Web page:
Oregon GOP Goes To Court Over Voters’ Pamphlet Deadline The State Says It Missed By 29 Seconds
The Oregon Secretary of State's office says the Oregon Republican Party won't get its official argument to voters in the state Voters' Guide because the party just missed the deadline.
This might be the closest deadline miss in Oregon political history. State officials say the Oregon Republican Party’s statement for the state voters’ pamphlet arrived 29 seconds too late and won’t appear in the guide mailed to voters for the November election.
“We have to apply deadlines equally for everyone,” Laura Fosmire, a spokeswoman for Secretary of State Bev Clarno, said in a statement. “Anyone wishing to submit information to the Voters’ Pamphlet has several weeks to do so and we recommend avoiding waiting until the last minute for this reason.”
Kevin Hoar, the communications director for the state GOP, insisted that the party did get its statement into an online filing system by 4:59 p.m. on Aug. 25, the final day for filing. He said the party filed a lawsuit in Marion County demanding that the statement be included in the voters’ guide before it goes to print later this month.
“We can’t quite explain the interpretation and decision here” by state elections officials, Hoar said. “That’s why we’ve gone to court.”
In a statement, state Republican Chairman Bill Currier said the failure to include his party’s statement from the voting guide “reeks of partisan discrimination.”
He added, “If a bureaucrat in some decision-making role simply didn’t like what our statement said, this doesn’t give them the right to silence us.”
Hoar also said that Currier was locked out of the online filing system for several hours, delaying the party’s ability to file its statement.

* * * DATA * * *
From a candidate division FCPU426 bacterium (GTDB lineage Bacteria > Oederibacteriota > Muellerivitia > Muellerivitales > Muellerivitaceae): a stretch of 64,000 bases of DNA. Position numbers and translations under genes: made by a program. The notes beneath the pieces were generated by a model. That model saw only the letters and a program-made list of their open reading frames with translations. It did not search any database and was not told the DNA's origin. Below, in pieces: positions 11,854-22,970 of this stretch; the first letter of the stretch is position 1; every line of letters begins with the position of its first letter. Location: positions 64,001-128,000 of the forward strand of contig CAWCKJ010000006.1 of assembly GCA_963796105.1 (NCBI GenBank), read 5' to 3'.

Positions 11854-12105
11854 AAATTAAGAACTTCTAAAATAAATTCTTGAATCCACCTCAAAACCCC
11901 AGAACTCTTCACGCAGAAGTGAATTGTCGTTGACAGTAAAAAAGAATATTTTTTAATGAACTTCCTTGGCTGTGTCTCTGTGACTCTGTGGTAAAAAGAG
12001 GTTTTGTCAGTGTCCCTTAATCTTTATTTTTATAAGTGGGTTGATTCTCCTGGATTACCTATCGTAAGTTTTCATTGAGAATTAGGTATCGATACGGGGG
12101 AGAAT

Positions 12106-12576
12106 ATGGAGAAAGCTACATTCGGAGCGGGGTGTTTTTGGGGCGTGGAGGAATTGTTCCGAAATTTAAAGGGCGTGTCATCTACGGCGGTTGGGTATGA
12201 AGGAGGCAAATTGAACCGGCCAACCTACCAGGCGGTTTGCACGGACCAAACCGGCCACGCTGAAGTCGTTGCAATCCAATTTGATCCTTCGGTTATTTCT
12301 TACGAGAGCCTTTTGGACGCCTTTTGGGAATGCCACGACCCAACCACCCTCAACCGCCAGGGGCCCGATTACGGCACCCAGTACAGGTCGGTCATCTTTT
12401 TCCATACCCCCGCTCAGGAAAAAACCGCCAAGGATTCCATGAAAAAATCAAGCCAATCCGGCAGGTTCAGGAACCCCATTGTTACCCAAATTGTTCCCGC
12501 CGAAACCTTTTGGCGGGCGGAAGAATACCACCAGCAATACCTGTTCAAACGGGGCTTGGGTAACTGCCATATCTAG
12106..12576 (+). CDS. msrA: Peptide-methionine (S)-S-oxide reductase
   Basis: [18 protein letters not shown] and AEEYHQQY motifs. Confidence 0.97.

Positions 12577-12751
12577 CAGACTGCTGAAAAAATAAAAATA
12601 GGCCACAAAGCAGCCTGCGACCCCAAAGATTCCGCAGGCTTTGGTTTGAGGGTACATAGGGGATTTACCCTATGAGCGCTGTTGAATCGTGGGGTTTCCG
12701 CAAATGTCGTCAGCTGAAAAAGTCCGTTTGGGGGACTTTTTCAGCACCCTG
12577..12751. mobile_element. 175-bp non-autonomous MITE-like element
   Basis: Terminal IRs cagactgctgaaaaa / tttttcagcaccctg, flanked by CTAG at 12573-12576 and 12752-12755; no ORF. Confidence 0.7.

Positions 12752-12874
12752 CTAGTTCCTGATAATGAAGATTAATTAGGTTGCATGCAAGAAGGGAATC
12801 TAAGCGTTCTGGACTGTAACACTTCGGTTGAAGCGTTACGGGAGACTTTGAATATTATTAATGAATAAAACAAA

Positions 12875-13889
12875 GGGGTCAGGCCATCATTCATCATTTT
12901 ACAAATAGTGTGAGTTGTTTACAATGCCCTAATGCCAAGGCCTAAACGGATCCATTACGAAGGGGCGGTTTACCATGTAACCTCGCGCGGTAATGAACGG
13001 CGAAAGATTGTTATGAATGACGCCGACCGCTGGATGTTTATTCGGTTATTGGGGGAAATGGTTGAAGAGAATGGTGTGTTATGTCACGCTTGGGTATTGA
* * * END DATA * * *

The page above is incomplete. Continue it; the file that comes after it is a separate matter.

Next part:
Fosmire countered that there were “no problems or glitches” with the online reporting system. “[W]e simply received the statement after the filing deadline,” she said.
Ironically, Clarno, the secretary of state, is the only Oregon Republican in statewide office. A former Oregon House speaker from Deschutes County, she was appointed to the job by Democratic Gov. Kate Brown to serve the rest of the term after Secretary of State Dennis Richardson died in 2019.
Each of the eight political parties who nominate candidates in Oregon’s general election is allowed to file a statement promoting its principles and explaining why its candidates should be elected. The statement submitted by the Republican Party was headlined “Had enough? Vote Republican!” It attacked Democratic leadership in Oregon on issues ranging from “Unrestrained rioting” in Portland to mismanagement of the pandemic resulting in “catastrophic small business losses.”
The Democratic Party of Oregon and six other political parties are included in the voters’ pamphletfor the Nov. 3 election.
Copyright 2020 Oregon Public Broadcasting.